3. Acknowledgments
    (pp. ix-x)
  4. Introduction: Hybrid Victims
    (pp. xi-xx)

    A transition from a “politics of ideas” to a “politics of identity” is perhaps the major change that Israeli society has experienced in recent years.¹ Sociologists, historians, political scientists, cultural critics, journalists, political commentators, and public intellectuals all offer different interpretations of this shift including reasons for its periodization. When exactly did this change occur? Was it the result of a single dramatic event or an inevitable by-product of the long and painful process of building a new society? Or perhaps it is just a normal manifestation of an identity crisis that Israel is undergoing fifty years after its establishment....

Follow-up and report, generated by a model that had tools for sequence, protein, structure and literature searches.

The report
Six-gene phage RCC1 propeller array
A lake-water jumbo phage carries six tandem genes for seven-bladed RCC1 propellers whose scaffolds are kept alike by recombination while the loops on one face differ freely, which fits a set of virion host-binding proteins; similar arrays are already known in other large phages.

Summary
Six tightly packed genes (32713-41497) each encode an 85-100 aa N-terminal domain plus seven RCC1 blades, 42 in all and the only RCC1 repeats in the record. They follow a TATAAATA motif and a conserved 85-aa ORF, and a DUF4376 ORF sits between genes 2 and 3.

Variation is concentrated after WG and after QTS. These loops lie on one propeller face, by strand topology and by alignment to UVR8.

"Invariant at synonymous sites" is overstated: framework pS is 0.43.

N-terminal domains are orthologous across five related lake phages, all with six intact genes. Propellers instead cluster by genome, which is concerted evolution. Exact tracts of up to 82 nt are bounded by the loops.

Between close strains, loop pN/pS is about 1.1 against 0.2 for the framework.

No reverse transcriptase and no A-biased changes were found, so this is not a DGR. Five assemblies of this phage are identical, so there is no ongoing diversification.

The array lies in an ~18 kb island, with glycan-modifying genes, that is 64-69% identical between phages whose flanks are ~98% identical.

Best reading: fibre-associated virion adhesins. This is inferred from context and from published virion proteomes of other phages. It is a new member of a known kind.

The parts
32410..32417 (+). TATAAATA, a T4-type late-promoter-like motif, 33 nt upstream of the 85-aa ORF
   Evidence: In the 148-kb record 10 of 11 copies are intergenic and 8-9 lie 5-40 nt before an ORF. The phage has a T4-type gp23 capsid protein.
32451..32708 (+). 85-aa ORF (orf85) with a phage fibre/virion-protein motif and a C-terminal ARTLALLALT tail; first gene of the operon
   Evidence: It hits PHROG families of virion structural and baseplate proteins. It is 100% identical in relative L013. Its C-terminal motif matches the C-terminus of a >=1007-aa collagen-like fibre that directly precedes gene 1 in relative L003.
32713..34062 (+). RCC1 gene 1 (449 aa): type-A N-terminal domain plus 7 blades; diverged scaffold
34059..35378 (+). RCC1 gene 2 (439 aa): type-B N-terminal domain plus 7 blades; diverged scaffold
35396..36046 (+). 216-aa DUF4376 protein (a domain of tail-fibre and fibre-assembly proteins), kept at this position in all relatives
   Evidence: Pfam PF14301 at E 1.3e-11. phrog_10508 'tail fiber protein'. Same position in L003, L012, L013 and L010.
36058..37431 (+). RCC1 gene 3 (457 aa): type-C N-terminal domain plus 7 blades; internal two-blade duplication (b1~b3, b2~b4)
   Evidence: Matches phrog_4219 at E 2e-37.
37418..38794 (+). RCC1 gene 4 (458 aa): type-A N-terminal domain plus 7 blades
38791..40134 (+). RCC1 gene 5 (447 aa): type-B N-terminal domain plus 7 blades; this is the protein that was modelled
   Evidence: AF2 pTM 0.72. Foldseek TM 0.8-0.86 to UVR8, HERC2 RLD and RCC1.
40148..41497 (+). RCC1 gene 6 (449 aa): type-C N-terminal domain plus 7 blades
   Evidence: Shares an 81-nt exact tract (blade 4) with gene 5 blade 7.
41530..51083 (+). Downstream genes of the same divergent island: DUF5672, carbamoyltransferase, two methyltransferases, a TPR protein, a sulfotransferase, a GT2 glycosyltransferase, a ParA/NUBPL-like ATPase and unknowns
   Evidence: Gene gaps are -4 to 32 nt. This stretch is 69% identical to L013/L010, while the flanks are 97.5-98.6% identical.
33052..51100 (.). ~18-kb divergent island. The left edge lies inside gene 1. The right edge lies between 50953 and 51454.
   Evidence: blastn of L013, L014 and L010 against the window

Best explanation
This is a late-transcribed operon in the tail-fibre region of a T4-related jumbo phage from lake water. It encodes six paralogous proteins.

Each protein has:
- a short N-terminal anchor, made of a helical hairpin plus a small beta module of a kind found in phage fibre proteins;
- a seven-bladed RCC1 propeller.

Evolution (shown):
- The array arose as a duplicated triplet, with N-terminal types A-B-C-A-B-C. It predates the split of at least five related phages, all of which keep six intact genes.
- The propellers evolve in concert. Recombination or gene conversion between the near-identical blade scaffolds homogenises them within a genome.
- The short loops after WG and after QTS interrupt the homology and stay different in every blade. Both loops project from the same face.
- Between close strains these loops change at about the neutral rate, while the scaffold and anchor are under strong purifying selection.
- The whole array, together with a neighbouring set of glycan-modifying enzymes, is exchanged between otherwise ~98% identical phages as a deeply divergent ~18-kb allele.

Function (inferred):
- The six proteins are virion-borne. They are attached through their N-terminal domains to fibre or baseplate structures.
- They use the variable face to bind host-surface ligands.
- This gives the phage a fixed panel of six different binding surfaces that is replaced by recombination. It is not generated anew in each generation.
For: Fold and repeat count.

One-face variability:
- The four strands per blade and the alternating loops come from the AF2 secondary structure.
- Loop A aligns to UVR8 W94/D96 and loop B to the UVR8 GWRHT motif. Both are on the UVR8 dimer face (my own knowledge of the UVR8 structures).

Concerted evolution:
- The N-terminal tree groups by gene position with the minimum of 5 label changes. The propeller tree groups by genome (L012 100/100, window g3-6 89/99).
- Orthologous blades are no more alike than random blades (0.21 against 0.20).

5. CHAPTER ONE Screening the Birth of a Nation: Exodus Revisited
    (pp. 1-14)

    His masculine naked torso bathed in moonlight and gently wrapped in white soft foam created by the light waves of the Mediterranean Sea, a necklace with a big star of David adorning his neck—this is how Ari Ben Canaan (Paul Newman), the protagonist of Otto Preminger’sExodus(1960), first “penetrates” the film spectator’s space of desire. This sensual image of male beauty, a doppelgänger to Sandro Botticelli’sBirth of Venus, has engraved, for many years to come, for world audiences at large and the American in particular, the definite and ultimate image of the birth of the “new Jew.”...

  6. CHAPTER TWO Surviving the Survivors: The Second Generation
    (pp. 15-31)